Unpacking Humanitarian Project Cycle Management – An interview with Sandrine Delattre, Course Director.


A recent survey showed that most humanitarian professionals choose project management to describe their professional expertise. Why do you think that is?

It is absolutely logical to me given that NGO’s or International organizations are mostly working on a project-based structure. What we do in the field are by definition projects. Hence, humanitarian workers need to have expertise in project management whether they are in an operational or support department such as logistics, administration etc.

How is Humanitarian Project Management different to regular project management?

Fundamentally, there is no difference in terms of process. A project is a project. Whether you are in the humanitarian field or in the private sector for example you need to understand the problem, set objectives, identify the best possible solution, and then implement, monitor and evaluate.

This being said, a major difference lies within the ethical responsibility humanitarian workers must deal with. By definition, a project is something new. You are trying to find solutions that do not exist yet. So logically, one would say that failing is normal in project management: You may find out that there is no solution right now to a problem.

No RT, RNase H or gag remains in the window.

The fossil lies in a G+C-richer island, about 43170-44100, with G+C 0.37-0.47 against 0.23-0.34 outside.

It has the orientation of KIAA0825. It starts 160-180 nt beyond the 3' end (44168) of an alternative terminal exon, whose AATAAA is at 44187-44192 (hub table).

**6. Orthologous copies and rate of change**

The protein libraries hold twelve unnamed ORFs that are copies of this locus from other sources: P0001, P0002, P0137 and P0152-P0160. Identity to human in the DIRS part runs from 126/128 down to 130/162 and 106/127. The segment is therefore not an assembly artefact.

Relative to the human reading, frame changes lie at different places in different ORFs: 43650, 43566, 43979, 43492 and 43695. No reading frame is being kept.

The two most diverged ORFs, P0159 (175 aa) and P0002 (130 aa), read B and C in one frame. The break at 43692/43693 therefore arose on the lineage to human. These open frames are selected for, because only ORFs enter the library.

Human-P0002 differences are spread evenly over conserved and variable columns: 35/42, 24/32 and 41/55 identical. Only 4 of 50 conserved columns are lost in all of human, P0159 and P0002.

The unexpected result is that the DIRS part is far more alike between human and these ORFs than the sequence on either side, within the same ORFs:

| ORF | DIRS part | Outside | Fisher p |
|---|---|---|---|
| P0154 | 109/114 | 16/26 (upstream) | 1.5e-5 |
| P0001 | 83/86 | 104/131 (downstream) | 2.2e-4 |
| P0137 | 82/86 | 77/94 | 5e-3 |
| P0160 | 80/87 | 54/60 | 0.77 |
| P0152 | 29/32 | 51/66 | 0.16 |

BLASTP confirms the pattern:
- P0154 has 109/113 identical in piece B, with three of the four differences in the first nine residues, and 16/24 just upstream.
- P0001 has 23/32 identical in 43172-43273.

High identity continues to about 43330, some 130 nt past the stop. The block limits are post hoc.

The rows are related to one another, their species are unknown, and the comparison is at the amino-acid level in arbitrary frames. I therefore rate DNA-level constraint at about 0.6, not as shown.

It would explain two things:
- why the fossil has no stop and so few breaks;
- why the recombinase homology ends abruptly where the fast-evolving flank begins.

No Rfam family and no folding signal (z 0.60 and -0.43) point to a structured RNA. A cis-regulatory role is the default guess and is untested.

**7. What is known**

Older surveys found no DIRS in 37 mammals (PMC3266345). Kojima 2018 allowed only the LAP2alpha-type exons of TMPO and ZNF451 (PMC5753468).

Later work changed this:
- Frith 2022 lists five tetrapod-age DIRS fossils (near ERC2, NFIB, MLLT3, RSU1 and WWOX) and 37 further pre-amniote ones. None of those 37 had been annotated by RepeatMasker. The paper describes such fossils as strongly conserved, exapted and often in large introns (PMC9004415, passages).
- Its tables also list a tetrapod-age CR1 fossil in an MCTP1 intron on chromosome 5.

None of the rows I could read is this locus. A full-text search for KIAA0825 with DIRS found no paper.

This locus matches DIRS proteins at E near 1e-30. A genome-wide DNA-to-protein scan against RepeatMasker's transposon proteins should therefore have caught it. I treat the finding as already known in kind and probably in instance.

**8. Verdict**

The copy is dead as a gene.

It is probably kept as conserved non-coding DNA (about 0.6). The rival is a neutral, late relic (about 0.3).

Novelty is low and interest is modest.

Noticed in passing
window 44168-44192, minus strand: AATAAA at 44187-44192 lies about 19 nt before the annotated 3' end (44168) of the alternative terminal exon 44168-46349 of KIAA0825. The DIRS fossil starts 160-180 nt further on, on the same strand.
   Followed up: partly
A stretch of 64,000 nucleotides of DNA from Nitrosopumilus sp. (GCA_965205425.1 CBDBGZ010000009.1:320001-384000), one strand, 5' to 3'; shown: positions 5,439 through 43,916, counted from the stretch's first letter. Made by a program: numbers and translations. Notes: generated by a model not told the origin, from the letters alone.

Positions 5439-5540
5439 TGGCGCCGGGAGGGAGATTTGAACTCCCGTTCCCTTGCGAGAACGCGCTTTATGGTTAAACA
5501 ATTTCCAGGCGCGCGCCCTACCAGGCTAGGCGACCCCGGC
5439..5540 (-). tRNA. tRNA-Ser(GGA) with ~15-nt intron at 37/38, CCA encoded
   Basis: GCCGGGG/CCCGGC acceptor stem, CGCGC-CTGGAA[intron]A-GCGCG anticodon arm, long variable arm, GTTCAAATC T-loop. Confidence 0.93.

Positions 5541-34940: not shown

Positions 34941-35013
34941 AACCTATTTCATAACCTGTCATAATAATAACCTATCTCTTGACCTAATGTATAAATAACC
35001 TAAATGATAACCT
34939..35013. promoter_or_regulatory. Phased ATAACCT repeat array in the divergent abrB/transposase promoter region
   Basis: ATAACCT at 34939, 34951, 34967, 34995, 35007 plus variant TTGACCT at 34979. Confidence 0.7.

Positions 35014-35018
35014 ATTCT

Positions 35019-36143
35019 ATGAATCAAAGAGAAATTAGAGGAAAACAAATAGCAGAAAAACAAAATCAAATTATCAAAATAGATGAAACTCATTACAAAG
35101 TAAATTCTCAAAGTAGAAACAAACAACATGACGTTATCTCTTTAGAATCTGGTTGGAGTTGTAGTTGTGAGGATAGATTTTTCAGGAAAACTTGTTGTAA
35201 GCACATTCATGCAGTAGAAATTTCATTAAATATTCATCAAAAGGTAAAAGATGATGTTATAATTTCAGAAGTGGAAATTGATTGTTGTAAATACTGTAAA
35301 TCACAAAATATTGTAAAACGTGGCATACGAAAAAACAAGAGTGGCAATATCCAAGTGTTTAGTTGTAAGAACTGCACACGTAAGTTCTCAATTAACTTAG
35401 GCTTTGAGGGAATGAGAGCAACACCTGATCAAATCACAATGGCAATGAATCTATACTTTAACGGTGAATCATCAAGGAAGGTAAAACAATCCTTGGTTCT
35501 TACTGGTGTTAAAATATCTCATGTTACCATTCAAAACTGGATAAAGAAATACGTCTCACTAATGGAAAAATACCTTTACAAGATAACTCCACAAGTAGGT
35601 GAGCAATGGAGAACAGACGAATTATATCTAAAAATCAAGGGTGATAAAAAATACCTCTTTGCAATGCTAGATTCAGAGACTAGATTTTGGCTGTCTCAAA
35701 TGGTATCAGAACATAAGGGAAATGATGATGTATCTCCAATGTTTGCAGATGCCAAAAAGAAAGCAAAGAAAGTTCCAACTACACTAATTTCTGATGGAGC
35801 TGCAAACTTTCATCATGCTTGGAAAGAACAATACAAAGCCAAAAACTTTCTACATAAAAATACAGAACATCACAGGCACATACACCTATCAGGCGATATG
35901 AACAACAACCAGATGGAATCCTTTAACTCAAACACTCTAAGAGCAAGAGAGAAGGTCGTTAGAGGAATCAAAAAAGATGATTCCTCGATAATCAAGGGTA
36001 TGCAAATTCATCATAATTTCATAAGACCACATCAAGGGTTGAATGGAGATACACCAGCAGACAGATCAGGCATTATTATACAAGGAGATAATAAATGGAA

However, everyone can understand that project failures are far less acceptable in the humanitarian field as you are trying to respond to critical short or medium-term needs of people in crisis. In other words, they not only expect you – but need you – to deliver solutions. For this reason, it is even more important to ensure that you are doing everything right to enhance your chance of success.

Another more basic difference would be that the humanitarian sector uses quite specific project management tools. And of course, every humanitarian project manager must master those. I am thinking here of the obvious one: The Logical Framework which has been in existence for the past 40 years as a key tool to ensure communication between organizations and donors.

How does this course help to improve and extend project management skills?

I would say by targeting exactly what we just discussed. Very often, humanitarian professionals become project managers at a very fast rate. They do a great job in learning by doing. But as I recall for myself, at some point you feel stuck. You know that there must be better way to do things but you lack support in finding the what and the how.

So, this course is about strengthening what project managers already discovered, sometimes the hard way I must say, and building on it so that we can recreate, understand, and master the entire logic behind a project cycle.

To be metaphorical, I believe that project managers usually arrive on our course knowing each letter of the alphabet. And this course is about helping them reorganize the letters in a proper order and make sure that we all understand the use not only of each letter, but also of the entire alphabet itself.